Then when tightening the bearings, there is a bit of a feeling to get, you may want to double check that after a few miles if in doubt (one can find descriptions of the procedure on the net, it involves tightening, turning the wheel, undoing, tightening again,undoing... then getting the bearing not so pressed that they drag).

go for it ! one side at a time.


I'm not certain they need changing but I notice on tight right turns, there is a noticeable whirring sound. The right side bearing is definitely not tight as there is noticeable play, even after driving. There is no noise during normal operation or non-tight turns, even at speed.

Craven wrote:Very straightforward Job, the more difficult part is the removal of the inner races from the hub.
You need to makeup, one long one short drift supports, cut to the exact length that bridge across the race. I used a length of ½ inch square bar,
After you have cleaned all the old grease from the inside you will see, looking down inside two cut outs in the race support, this is where your perfectly fashioned drift support bridges the race allowing the inner race to be pressed or drifted out.
Like any fitting of bearings, ensure you start the bearing absolutely square into the hole, things can go horribly wrong if you don’t.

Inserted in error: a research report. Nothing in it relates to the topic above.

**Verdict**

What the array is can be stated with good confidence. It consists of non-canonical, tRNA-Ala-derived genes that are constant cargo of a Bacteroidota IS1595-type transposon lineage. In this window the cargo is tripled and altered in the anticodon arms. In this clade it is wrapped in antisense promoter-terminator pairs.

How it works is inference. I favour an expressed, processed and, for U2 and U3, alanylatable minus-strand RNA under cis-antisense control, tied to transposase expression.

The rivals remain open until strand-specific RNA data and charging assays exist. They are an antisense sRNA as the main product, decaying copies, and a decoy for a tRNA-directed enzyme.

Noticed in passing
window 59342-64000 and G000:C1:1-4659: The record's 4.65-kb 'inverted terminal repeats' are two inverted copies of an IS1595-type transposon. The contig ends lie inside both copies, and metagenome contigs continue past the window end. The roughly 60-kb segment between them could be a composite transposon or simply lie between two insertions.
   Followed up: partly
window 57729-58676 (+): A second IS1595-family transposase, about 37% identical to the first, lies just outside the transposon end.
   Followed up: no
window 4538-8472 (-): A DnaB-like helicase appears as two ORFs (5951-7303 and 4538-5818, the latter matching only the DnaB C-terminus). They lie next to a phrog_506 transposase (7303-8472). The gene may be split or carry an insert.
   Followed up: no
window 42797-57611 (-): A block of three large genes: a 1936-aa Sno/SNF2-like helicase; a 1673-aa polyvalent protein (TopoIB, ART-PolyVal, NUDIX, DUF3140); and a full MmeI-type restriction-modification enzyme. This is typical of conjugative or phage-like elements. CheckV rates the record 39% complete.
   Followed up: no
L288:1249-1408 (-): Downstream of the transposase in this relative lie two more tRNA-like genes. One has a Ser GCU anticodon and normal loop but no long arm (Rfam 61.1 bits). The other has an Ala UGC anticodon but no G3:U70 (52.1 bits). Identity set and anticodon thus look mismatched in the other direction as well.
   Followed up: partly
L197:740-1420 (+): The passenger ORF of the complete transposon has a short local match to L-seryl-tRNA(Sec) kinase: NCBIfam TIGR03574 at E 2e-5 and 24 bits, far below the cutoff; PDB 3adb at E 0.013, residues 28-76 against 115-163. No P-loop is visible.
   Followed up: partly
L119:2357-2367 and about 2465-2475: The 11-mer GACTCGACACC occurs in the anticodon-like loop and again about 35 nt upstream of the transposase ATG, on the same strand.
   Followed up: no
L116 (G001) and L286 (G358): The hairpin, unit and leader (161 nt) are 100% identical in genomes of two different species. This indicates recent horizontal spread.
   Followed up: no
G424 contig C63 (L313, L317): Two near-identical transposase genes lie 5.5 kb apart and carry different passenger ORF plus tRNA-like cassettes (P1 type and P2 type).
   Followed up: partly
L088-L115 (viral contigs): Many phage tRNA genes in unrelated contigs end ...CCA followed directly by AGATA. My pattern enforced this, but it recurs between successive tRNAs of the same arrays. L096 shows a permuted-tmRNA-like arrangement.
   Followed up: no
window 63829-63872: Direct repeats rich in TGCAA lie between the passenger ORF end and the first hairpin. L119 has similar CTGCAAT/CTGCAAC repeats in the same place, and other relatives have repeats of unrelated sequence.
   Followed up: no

Thanks! Is there any reason I can't order one of those bearing removal tools off of Amazon to achieve this?

rgh0 wrote:In addition to whats been said I would also buy the bearings from an industrial bearing supplier and ensure I got a recognised name brand component from a quality American, European or Japanese bearing maker. Many of these now have special sealed package markings to help deter and detect counterfeit copies.

Dave Bean sells Nilos seals which are a metal to metal seal with less drag and work better than the felt seal. They seal both the outside and inside bearing and the outside one fits under the hub end float adjusting nut. A useful modification - Lotus used to use them on the old F1 cars of the 60's that also used Triumph style uprights so you can say you have some F1 tech on your car !

cheers
Rohan